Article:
Look at v. 24. And whether you’ve physically been in a boat experiencing these rocky conditions, haven’t we all been there in life? Beaten by the waves and feeling like the wind and the water and everything else is against you? That no matter how hard you try to get anywhere, it feels like all you’re doing is fighting against the current and paddling upstream? That’s the disciples. All night they can’t get ahead or make any progress no matter how hard they try. And the frustrating part is that they’re faithfully doing what Jesus commanded! Remember who’s idea it was for them to sail to the other side-v. 22. These guys are being obedient to Jesus, following through on what He’s called them to do-and still it’s hard, still it’s difficult and everything is against them. I don’t know about you-but it’s easy for me to think that when everything is against me it’s because I’ve done something wrong-that I didn’t obey the Lord and now He’s punishing me with rocky waves and powerful wind. But when I am obeying Him everything ought to be smooth sailing and easy. Have you thought that way before? Like why all the struggles and difficulties, Lord, I’m doing what you said? I thought you’d make this simple and reward me for being obedient-instead it’s really hard? But has Jesus ever promised smooth sailing? Did He ever say following Him would be easy? No. And here’s the other part-is Jesus’ timing ever our timing? Usually not. Far too often His timing is way different from ours-but that doesn’t mean He’s forgotten us or abandoned us or is needlessly letting us struggle. There’s no better place to see that His timing isn’t our timing than in this passage because look at v. 25a. And we don’t tend to divide up our nighttime hours based on shifts to keep watch-but this wasn’t the 1st watch or the 2nd watch. This was the 4th watch-and most Bible scholars place that sometime between 3am to 6am. So this is like the last watch-because the next watch is morning time. So Jesus didn’t let His disciples battle against the wind and waves for an hour or two-but nearly all night. His timing for rescuing them didn’t happen right away-not at all.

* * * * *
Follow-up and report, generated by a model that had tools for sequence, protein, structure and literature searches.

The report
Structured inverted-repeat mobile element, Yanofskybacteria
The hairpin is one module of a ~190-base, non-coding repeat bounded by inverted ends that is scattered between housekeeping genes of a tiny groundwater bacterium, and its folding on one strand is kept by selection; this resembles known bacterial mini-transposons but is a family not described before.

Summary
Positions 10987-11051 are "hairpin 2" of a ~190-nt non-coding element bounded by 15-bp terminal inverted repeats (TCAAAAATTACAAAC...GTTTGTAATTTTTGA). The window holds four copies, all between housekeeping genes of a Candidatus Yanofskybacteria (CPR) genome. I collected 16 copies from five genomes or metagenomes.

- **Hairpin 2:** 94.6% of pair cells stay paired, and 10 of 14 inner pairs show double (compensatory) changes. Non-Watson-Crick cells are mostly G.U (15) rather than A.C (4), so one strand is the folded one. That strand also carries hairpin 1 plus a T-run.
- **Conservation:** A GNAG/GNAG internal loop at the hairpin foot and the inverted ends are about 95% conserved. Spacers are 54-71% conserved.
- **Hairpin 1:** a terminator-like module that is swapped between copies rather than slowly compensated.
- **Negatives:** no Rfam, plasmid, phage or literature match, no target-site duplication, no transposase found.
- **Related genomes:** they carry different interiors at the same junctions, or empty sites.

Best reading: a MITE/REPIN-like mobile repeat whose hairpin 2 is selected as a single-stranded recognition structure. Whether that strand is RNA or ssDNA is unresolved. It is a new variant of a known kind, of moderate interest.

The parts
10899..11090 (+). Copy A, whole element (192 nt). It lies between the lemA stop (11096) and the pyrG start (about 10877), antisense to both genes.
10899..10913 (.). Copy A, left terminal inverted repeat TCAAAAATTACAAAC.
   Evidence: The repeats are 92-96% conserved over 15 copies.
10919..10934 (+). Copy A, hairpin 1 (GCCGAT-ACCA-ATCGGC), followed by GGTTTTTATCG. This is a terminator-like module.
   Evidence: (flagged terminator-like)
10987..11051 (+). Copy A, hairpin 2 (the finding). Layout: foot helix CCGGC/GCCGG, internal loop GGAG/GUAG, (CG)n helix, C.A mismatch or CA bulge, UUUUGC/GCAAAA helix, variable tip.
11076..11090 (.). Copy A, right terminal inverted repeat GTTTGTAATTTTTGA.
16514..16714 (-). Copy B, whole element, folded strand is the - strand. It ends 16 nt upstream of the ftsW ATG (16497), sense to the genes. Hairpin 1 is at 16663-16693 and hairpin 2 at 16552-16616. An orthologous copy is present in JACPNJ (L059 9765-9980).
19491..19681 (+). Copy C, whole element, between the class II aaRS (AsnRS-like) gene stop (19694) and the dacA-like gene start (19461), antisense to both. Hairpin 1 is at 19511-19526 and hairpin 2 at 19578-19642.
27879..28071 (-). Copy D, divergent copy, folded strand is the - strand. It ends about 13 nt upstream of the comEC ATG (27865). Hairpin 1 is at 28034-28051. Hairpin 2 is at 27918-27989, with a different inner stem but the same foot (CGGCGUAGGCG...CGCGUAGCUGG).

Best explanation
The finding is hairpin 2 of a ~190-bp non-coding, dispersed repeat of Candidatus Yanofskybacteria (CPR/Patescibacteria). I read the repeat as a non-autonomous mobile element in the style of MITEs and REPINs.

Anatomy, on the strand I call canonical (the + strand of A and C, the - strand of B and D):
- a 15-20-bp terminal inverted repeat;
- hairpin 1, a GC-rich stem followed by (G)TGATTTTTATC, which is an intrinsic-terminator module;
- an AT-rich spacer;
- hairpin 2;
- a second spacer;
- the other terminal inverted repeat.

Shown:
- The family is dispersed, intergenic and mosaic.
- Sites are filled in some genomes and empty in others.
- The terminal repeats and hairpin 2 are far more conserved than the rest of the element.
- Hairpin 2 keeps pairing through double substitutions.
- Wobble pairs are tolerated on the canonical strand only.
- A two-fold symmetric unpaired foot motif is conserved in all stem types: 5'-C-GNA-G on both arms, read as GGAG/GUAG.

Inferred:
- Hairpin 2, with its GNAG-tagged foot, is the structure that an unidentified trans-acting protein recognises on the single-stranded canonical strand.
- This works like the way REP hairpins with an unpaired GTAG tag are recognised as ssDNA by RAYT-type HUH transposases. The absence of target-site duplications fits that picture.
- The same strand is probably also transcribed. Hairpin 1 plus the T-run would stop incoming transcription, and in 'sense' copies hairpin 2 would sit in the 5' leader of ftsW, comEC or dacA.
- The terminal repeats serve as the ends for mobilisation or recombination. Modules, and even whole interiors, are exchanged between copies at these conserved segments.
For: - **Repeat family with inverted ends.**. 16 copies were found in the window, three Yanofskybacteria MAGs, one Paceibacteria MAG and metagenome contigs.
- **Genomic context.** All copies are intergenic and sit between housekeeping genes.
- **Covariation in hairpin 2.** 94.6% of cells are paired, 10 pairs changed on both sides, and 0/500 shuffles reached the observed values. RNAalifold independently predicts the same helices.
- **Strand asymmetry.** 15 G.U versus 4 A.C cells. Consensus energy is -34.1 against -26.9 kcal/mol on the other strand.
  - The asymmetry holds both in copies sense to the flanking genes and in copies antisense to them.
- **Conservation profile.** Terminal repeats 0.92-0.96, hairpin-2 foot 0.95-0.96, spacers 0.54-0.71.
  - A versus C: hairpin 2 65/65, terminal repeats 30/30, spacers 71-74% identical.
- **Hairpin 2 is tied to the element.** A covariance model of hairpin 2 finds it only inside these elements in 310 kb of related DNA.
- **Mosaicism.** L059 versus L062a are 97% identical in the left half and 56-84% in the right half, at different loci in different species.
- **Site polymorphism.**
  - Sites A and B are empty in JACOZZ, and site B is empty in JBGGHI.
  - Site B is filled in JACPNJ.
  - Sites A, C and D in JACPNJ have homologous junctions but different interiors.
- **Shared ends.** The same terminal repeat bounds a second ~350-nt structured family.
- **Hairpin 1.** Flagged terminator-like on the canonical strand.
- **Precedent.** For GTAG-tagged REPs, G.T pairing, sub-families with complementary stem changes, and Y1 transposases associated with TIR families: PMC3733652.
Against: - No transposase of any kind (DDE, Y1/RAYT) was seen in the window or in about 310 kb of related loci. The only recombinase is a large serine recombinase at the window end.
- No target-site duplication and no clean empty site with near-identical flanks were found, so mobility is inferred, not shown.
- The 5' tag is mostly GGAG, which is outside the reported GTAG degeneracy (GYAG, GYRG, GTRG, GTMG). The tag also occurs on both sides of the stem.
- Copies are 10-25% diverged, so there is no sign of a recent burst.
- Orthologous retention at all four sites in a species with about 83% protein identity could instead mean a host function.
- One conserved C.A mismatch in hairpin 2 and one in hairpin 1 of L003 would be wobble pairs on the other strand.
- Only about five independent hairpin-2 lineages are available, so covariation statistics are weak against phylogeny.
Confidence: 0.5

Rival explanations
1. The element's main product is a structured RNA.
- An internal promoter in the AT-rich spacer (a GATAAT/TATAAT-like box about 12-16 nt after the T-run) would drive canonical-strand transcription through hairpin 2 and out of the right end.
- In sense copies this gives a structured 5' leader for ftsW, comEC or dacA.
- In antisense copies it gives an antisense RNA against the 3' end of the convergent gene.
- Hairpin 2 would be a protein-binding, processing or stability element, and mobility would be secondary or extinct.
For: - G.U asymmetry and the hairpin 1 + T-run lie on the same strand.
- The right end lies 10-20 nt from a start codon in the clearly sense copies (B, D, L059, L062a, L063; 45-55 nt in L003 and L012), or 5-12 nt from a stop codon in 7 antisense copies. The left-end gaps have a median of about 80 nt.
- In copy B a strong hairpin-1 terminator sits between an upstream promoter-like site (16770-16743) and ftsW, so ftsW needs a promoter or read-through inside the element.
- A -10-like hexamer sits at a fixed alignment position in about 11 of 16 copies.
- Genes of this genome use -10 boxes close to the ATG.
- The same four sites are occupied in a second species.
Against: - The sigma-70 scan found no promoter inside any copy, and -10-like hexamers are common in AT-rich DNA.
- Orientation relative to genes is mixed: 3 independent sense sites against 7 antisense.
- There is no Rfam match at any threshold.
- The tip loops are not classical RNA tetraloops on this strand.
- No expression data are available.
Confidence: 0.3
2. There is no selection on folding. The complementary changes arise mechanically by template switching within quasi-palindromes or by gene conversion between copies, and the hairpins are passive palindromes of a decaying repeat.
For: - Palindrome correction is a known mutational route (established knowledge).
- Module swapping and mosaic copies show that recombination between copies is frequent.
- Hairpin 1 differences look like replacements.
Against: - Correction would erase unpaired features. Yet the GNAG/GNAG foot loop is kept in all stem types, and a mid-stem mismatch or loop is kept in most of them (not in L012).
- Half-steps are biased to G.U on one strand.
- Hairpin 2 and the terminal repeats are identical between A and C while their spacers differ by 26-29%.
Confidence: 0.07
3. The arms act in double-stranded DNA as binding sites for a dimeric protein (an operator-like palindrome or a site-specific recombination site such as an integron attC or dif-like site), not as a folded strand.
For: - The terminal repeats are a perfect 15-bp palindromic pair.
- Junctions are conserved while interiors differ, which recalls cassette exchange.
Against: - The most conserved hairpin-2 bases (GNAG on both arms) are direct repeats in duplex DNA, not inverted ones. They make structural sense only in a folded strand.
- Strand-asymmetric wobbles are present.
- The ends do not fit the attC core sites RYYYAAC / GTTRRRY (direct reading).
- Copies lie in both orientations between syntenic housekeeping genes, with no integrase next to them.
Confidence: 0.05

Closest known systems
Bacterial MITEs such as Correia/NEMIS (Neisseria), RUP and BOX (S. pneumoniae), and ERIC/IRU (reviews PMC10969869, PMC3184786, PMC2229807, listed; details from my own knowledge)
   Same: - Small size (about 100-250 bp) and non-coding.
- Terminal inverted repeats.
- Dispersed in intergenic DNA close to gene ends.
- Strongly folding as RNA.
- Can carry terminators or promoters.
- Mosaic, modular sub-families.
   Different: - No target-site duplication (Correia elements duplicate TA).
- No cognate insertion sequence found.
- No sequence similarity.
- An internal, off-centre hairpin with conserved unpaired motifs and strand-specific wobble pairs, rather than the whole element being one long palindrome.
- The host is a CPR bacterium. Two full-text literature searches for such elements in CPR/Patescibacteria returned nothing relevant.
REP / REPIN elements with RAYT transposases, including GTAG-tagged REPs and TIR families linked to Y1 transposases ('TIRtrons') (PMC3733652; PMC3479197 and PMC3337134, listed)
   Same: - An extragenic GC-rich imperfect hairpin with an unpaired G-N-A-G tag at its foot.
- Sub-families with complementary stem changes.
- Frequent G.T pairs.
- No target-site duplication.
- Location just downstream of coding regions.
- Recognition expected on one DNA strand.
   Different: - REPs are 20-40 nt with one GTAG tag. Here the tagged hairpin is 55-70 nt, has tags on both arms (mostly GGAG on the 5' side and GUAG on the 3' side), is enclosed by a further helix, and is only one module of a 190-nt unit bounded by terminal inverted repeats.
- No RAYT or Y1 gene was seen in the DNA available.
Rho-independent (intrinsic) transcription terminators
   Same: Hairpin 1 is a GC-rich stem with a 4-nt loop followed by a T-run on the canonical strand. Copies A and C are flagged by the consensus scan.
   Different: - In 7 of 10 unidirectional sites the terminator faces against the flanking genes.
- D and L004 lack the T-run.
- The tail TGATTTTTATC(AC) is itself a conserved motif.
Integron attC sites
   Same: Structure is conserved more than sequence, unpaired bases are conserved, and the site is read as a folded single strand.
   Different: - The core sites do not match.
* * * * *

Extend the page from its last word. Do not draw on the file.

Yet this passage reminds us that the best place to be in life isn’t necessarily the place with the best situation. The stormy seas aren’t a great situation, this is a tough spot to be in-but it’s the best spot because it’s where Jesus is at with His disciples. They were committed no matter how stormy the seas got, and it’s no different for you and me. The best place to be in life isn’t the calmest or the easiest, oftentimes the best place to be is the stormiest because that’s where Jesus is with us. And look at how He arrives-v. 25. Let that one sink in a minute because that’s not something you read everyday. What can walk on the sea? Fish jump out of the sea or leap across the sea, birds can sort of skim along the sea but what walks on the sea? No Discovery Channel show has showed me anything that can do that. And yet I love Jesus’ solution to reaching the disciples-because He doesn’t have a boat. The disciples already took the boat onto the water and He’s been hanging back on land in prayer. So imagine when Jesus finishes praying, says amen, and makes this decision-Well, it’s an exciting, stormy, windy night-there’s no more boats-why don’t I just walk across the water! And of course as the Son of God He’s the only person who has that option. So He just goes from shore to sea. One step He’s walking on sand, the next step He’s on the water. John’s gospel says the disciples had sailed about 3 to 4 miles out from shore. So this isn’t a quick walk by Jesus or a 100 yd dash across the waves-but the equivalent of a 5K. I bet He loved it! Walking in the midst of all He’d created-the swell of the sea, the crashing of the waves, the wind in His face. And how were the disciples when He arrived? Were they like-finally, what took you so long? Glad you could join us? No-their frustration with the sea turned to fright at His appearance-v. 26. I’m sure it didn’t take long for them to make this conclusion. What else could it be? They understood the basic principles of buoyancy and knew that human beings sink. What’s more logical to conclude-a water-walking human or a ghost? What would you conclude? Probably a ghost. I’m sure they wondered what sort of shimmering phantom had showed up to haunt them-as if this night couldn’t get any worse! We never like it when somebody sneaks up on us-but especially in the middle of the sea when you’re not expecting a lot of pedestrian traffic. Hey, I missed the last ferry boat so I thought I’d walk. That doesn’t happen! So imagine the disciples surprise in v. 27.